So what I was kind of fascinated by was is I started looking at waking and sleeping as they really weren’t that different. You know so on the left is Ben Lipkowitz, on the right is my sleep. And so I really started thinking about how time based activities as a way to just simply reverse, engineer your personal rhythm, that there is something innate about the proportions of the way you’re spending time. And you really look at this fractured time you know a couple of minutes on the internet, a couple of minutes doing email, a couple of minutes on the phone. You flip back, you switch the other tab, you check what email came in. I mean that nature of time you know, some people are a little frightened by it but I think there’s an innate connection to you. And if I can figure out how to grab that and play it back to you there’s something comforting about it.
A little more obsessing about sleep, so I started gathering and comparing sleep from others. I bought a Zeo for my husband, and we we’re a little worried of the radio because they are little Bluetooth that they would cross – no they’re fine.
And so I compared sleep with others and I’ve loaned it to people you know, try your sleep. And he always had the idea he was a terrible sleeper and that I was a good sleeper, and it turns out just the opposite, so I really got some sick satisfaction there.
And then I really looked at just at the sense of awake sleep, you know how often you wake up compared to deep sleep and I started looking at these patterns and I thought that there was something innately organic, something human, something really familiar. Something you can’t quite explain but it feels – this isn’t something you couldn’t just sit and draw. There’s a pattern to this that’s innately familiar.
So then I started drawing these and making drawings out of the sleep patterns, and made lots of them. And then I really started looking at daily activity patterns and these Ben Lipkowitz activity patterns of a period of a month and seeing how they played out. And then I started actually making pieces out of bound wood, using things that were familiar. These are made out of high gloss trays that I found in a warehouse in Nebraska, and I cut them up into tiny little slices and made them relate to components of basically of the sleep charts. And then I made more.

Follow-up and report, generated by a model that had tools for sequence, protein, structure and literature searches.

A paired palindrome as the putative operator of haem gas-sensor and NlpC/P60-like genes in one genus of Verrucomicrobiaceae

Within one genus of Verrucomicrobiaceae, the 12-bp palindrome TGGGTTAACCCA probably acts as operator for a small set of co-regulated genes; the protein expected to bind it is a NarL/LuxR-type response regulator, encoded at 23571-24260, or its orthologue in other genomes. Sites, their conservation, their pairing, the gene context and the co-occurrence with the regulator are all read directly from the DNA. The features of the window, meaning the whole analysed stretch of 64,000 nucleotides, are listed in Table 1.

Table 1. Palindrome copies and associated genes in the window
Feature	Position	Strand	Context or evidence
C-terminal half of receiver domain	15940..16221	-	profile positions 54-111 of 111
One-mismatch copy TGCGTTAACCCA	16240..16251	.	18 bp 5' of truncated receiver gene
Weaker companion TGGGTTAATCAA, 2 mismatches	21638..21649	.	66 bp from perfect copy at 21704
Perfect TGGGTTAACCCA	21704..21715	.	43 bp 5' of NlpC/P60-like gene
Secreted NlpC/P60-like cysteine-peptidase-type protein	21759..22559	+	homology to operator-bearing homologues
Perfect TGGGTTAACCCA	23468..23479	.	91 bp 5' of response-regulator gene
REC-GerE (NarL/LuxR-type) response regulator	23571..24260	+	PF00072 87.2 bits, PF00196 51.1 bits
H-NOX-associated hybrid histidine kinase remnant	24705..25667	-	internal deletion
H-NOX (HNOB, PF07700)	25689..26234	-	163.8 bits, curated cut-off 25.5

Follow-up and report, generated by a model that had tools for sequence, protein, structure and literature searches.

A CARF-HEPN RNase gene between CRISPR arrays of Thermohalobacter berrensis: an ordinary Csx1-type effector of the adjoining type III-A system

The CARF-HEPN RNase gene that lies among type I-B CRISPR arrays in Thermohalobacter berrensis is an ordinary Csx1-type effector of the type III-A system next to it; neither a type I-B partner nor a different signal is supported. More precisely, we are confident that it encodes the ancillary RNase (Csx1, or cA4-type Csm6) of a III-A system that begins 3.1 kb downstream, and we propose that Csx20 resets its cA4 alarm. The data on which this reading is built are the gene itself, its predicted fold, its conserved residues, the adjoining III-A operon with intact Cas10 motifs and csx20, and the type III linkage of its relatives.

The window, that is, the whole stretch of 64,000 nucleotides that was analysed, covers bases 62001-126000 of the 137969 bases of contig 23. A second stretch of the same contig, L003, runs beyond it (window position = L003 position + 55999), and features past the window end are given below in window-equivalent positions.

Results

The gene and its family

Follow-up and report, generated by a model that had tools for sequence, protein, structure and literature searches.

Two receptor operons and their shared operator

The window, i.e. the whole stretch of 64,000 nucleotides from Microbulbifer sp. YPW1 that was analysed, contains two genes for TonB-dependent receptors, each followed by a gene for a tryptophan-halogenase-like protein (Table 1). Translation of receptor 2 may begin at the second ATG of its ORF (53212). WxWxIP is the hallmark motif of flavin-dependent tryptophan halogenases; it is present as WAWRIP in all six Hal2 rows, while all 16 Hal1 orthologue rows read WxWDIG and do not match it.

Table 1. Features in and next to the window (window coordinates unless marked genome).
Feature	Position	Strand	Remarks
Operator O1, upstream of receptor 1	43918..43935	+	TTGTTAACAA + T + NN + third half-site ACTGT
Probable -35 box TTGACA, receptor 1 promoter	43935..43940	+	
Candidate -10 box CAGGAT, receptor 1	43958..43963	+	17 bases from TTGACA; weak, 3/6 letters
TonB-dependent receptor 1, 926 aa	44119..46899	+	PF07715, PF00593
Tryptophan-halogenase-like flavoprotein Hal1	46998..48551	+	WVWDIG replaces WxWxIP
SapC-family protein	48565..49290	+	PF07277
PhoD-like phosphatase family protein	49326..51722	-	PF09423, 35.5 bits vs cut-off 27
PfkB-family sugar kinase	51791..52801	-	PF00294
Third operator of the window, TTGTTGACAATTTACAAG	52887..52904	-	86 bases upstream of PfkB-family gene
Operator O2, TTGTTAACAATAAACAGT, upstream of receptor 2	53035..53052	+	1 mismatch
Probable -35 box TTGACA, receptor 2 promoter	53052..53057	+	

These are all about four foot square and this this ones about six foot, it’s larger. I should probably break the suspense. These are all hanging in a show in Los Angeles at Edward Cella, there’s a gallery. This piece is at the W Hotel in Austin Texas.
So if you look at these up close you know you’re trying to make them feel human. There’s a sense of time in the hand to make them relate to you as a person.
Then I made more. This ones about two foot, this relates directly to those sleep charts. And as I was making the work related to pattern I thought that the nature of rhythm and virtual rhythm is a lot like music. You sort of get this response to it, there’s a beat, there’s a cadence and it’s a lot like prose or poetry that you hear it, you see it. And I thought well I’m going to give them a little decoder ring. So I made a little piece that you see on the floor is that it was like this Brrrrrrh. I was trying to make it obvious to people that there’s a feel to it, that this is about rhythm and that musical rhythm and visual rhythm are related and connected.
In the gallery in Los Angeles – I brought some cards. I’ll be happy to give them to anybody. I started to look and see what it would feel like if you surrounded the space, so you could walk into it and have it surround you. So this is about 15 feet tall and surrounds about 20 feet.
And then last Friday I got reviewed in the Los Angeles Times. So it’s online, you Google it you’ll find it. It made it into the paper and the writer really talked about the nature of rhythm and the drumbeat, and Fibonacci sequences, and the nature of mathematical recollection and understood the nature of sleep patterns and activity patterns are infact the reflection of you. It’s the nature of portraiture per se.
There we go.